Tachigali vasquezii Pipoly is a canopy tree known from the evergreen and semi-deciduous forests of Ecuador, Peru and Bolivia. The tree attains a maximal height of 30–35 m, and is locally abundant in the northern Bolivian Amazon (Alverson et al. 2000). T. vasquezii has been classified as a long-lived pioneer species, based on its pattern of abundance during secondary succession (Peña-Claros 2003).

comparison of the monocarpic t. vasquezii with polycarpic species

For each of a number of life-history traits, we show boxplots, describing the performance of polycarpic tree species, and these are compared with the performance of T. vasquezii, using a two-sided one-sample t-test. Traits for which T. vasquezii performs significantly better than the polycarpic species indicate the avenues by which the species may maintain itself successfully in the tree community. Mean values are reported for T. vasquezii, unless stated otherwise. We draw on a large body of published and unpublished studies to make the comparisons. The names of the polycarpic comparison species are given in Appendix S1 in Supplementary Material. The number of polycarpic reference species varies from 5 to 45, depending on study and trait under consideration. Sometimes the reference species represent a random selection from the tree community, but in other cases they deliberately included both pioneer and non-pioneer species. In the latter case, pioneer species are likely to be over-represented (it is estimated that 7% of the tree species in the region are pioneers, Poorter et al. 2001). In that case our test is extra conservative, as we expect that those features that lead to the success of a monocarpic species (a rapid completion of the life cycle) are the same as those characteristic of many pioneer species.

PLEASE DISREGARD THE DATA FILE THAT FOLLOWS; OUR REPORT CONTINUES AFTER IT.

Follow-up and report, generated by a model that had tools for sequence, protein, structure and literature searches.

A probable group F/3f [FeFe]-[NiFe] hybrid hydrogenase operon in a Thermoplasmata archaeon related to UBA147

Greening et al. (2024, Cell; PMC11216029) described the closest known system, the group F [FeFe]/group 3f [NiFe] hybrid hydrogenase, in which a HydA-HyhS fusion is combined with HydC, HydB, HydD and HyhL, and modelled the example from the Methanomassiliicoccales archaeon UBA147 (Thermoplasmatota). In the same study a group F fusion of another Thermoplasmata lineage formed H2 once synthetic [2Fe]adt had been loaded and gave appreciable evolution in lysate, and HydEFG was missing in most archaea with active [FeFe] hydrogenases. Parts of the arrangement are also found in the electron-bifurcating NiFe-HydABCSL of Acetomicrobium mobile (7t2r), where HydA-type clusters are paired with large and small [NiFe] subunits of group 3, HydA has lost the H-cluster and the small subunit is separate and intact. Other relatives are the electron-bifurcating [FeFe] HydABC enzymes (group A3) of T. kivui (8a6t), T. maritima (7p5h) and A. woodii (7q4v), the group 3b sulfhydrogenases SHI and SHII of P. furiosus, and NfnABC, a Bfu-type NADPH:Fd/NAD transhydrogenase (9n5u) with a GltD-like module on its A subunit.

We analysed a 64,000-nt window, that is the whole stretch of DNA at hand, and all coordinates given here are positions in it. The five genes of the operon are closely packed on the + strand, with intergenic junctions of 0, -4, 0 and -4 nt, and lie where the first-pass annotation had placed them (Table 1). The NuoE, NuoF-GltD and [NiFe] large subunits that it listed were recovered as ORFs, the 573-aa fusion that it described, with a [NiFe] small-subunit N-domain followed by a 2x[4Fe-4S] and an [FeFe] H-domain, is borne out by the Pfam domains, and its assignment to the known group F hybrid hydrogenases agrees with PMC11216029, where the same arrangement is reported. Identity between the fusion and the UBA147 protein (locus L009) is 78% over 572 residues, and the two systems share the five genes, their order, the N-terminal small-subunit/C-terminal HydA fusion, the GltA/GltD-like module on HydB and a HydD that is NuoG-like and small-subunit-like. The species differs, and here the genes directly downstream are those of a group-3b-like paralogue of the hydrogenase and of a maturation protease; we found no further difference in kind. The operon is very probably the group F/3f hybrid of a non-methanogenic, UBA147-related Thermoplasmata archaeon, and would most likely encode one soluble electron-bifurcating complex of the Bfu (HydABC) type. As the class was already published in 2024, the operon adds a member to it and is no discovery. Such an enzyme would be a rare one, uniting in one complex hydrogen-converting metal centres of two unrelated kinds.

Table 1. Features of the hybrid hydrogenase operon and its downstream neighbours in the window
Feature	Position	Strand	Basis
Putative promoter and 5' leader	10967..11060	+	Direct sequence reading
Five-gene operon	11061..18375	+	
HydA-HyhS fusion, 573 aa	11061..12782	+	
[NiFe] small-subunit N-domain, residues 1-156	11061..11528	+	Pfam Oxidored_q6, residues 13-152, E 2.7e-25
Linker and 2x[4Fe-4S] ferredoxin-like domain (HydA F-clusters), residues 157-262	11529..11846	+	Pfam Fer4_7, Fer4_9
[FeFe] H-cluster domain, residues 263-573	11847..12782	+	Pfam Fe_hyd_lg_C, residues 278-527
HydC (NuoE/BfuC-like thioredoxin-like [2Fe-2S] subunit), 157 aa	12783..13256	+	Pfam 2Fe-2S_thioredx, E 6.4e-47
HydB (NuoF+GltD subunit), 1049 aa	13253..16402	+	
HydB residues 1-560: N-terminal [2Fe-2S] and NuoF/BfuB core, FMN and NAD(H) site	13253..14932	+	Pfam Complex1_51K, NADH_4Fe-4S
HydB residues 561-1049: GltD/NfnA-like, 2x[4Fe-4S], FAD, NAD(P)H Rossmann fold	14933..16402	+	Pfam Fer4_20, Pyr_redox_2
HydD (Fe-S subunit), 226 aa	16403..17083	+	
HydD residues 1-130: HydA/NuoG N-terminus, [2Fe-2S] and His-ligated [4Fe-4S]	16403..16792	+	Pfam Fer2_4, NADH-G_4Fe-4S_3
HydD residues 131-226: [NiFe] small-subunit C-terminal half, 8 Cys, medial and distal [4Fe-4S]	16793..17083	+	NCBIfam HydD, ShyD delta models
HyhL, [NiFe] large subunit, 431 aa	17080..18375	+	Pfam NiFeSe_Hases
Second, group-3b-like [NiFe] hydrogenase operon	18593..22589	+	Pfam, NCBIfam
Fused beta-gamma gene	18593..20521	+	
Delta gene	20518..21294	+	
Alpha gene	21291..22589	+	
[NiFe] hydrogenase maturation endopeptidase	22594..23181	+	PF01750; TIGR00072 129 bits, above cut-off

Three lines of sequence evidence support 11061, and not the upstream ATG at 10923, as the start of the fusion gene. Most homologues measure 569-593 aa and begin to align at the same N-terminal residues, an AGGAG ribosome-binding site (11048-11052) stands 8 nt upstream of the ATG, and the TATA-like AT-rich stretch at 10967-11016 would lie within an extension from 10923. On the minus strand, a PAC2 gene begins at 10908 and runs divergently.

seed production and dispersal

Seed production was evaluated for three reproductive T. vasquezii trees in May 1995. The trees had diameters at breast height (d.b.h.) of 66, 72 and 99 cm. Around each tree, 48 rectangular (4 × 1 m) seed plots were established; six plots in each of eight compass directions. The plots were situated at 3 (mean value, actually between 1 and 5 m), 13, 25.5, 40.5, 57.5 and 77.5 m from the stem base. Seeds and seedlings were counted. Surviving seedlings were tagged in February 1996 and their survival was evaluated, and their height and leaf number measured, in November 1997. Three different zones around the parent tree were distinguished: below the parent tree (plots at 3 m distance), near the parent tree (13 m), and away from the parent tree (> 25 m). To evaluate how distance to the parent tree affects seedling growth, we carried out a two-way anova, with seedling height in 1997 as dependent variable, and parent tree and distance to the parent tree as dependent variables. To evaluate how distance to parent tree affects seedling survival, we calculated, for each combination of parent tree and distance, the percentage of seedlings established in 1995 that survived until 1997. Survival was analysed with a one-way anova, with distance as the main effect.